If you’ve Googled “what does a hot flash feel like”, you’re not alone. An estimated 75-80% of perimenopausal women experience these sudden rushes of heat. If you find yourself rushing for the nearest fan to calm a sudden surge of heat, you’re likely experiencing hot flashes.
Hot flashes often come in waves throughout menopause, and you may have to deal with them for up to a year. Some women even report having them for over a decade.
Hot flashes aren’t usually dangerous or a sign of an illness. However, the sudden bursts of hot skin can be unpleasant. We’ll describe what a hot flash feels like, symptoms, causes of hot flashes, tips for relief, and more.
Table of contents
- What is a hot flash?
- What age do hot flashes start?
- How long do hot flashes last?
- What does a hot flash feel like?
- What causes hot flashes?
- How to stop hot flashes fast
What is a hot flash?
A hot flash is a sudden burst of hot skin that lasts between 30 to five minutes. It makes your face or neck turn red while increasing your heart rate. You will most likely start dripping sweat.
Hot flashes can cause irritation that can potentially affect the overall well-being. In some women, they are so severe that they disrupt normal functions. If your hot flashes affect your daily activities, it is vital to seek help from your healthcare provider.
What age do hot flashes start?
On average, hot flashes start in the late 40s to early 50s. This is the transitioning period from perimenopause to actual menopause. Nonetheless, this can vary for each person.
Some women experience early menopause due to certain factors such as chromosome issues, genetics, lifestyle factors, etc. In such cases, their hot flashes may begin to happen as early as in their 30s.
An estimated 40 percent of women between 60 and 65 still get hot flashes. If you experience hot flashes or other menopausal symptoms at this age, it's best to talk to your healthcare provider about hormone therapy or other treatment solutions.
How long do hot flashes last?
If you are experiencing perimenopausal hot flashes, you probably want to know how long you'll have to deal with them. As previously mentioned, hot flashes can last anywhere from 30 seconds to five minutes.
Though it's common for hot flashes to last up to a year, some women report having them for a decade or longer. You may notice hot flashes come in waves, which happens because menopause isn’t a static state. Even if your period completely stops for years, your hormones are still in flux.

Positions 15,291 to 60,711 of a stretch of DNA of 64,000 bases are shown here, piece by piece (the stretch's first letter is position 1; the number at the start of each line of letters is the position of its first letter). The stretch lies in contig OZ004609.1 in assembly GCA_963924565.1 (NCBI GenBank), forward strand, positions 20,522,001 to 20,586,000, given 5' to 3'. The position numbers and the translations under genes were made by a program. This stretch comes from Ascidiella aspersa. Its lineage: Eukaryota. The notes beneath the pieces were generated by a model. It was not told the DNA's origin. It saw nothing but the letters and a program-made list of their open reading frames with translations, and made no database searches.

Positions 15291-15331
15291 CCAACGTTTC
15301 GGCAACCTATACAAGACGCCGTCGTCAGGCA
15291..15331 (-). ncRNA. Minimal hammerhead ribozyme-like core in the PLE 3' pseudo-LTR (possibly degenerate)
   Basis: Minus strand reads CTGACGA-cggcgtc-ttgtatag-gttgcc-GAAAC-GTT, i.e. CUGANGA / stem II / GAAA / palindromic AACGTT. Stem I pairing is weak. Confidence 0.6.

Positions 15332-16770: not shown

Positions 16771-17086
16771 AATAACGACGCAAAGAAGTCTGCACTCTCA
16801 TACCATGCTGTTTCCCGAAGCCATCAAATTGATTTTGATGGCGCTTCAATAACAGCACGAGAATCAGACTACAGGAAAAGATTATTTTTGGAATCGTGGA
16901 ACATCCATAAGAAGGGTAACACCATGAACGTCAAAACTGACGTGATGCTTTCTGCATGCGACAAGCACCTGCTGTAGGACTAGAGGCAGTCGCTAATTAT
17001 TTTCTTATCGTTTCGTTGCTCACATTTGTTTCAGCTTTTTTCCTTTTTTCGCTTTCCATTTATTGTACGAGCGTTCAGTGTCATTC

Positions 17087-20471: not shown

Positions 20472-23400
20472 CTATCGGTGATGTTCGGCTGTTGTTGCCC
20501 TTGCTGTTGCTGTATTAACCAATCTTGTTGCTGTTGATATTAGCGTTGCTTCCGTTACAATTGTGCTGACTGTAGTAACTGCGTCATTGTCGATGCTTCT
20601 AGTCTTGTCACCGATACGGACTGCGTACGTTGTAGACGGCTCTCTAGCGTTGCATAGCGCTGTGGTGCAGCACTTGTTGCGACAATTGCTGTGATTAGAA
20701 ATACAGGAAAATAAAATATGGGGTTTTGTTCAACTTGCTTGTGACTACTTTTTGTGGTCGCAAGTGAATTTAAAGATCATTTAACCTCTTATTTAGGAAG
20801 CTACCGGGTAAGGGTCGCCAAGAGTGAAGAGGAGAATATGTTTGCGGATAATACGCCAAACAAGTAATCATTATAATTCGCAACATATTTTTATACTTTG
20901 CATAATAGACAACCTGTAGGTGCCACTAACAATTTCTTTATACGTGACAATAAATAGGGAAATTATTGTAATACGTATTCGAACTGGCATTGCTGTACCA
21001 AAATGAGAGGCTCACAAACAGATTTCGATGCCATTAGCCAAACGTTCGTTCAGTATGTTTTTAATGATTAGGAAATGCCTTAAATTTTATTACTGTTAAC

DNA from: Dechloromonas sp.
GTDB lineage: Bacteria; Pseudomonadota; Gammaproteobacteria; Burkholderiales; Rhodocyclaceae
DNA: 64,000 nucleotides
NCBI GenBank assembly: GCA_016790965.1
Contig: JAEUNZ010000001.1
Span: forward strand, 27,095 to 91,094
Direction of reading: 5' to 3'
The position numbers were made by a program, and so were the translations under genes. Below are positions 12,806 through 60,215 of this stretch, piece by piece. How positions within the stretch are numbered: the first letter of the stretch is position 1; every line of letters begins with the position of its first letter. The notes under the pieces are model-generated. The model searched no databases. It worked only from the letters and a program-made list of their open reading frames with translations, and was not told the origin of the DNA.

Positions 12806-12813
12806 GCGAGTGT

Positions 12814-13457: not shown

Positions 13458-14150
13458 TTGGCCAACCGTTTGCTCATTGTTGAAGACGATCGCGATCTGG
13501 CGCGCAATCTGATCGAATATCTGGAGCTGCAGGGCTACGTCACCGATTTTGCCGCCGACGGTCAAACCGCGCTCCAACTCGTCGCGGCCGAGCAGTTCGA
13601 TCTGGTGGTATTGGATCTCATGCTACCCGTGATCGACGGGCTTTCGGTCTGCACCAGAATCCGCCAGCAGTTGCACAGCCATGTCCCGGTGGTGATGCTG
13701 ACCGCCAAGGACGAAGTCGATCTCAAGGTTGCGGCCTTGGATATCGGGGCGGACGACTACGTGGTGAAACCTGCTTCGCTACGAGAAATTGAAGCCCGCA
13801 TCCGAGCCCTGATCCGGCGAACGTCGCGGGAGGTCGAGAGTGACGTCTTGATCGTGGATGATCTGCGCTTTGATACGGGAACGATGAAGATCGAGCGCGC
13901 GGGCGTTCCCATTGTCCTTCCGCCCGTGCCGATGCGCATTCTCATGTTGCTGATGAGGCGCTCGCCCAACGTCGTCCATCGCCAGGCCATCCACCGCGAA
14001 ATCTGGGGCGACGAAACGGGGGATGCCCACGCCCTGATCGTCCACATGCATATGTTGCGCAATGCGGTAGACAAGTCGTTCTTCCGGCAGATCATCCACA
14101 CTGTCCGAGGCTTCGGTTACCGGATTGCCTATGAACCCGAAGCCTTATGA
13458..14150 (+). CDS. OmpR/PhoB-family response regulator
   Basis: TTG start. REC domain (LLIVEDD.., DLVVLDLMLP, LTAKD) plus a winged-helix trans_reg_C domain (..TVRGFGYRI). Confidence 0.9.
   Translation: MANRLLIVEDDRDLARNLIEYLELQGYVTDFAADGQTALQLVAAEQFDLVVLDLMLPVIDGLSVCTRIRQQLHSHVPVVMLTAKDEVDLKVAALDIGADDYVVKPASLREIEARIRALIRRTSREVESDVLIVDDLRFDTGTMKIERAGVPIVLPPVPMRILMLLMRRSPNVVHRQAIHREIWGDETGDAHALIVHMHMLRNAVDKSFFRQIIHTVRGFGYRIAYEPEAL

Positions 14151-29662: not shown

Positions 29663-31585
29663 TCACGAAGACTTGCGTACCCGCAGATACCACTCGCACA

So let’s take a look at why we experience hot flashes, what makes them worse, and how you can alleviate symptoms.
What does a hot flash feel like?
During a hot flash, your face and neck may flush, your heart rate may increase, and you’ll likely start dripping sweat.
A hot flash causes a sudden heat sensation in the upper body. You may experience symptoms in the face, neck, chest, or arms.
Your heart rate may also increase during this time, intensifying the heat sensation. The frequency at which hot flashes occur varies significantly among women.
Some women may experience several hot flashes within an hour. Others may have hot flashes a few times a day or in a week.
After a hot flash, the body cools itself which leads to sweating. Because of this, you might feel cold or shiver. You may also have stress or anxiety, especially if they occur during the day when you are out in public.
Hot flashes and night sweats
Night sweats are hot flashes that occur when you are sleeping.
The difference between hot flashes vs. night sweats is that the former is a sudden surge of intense body heat. Night sweats are heavy sweating periods when sleeping. A hot flash can happen during the day or night, but night sweats mainly occur at night.
Another difference is that hot flashes only last for a moment, while night sweats last longer. Hot flashes tend to affect the upper body, including the face and neck. Night sweats bring profuse perspiration on the chest or the back. Both are menopausal symptoms that make you feel uncomfortably hot.
Hot flash symptoms
A hot flash can be mild or so severe that it disrupts daily activities. Most women experience the following symptoms.
- A sudden feeling of heat that spreads through your chest, neck, and face
- Increased heart beat rate
- Flushed appearance with red, dotted skin
- Stress or anxiety
- Feeling cold or shivering after a hot flash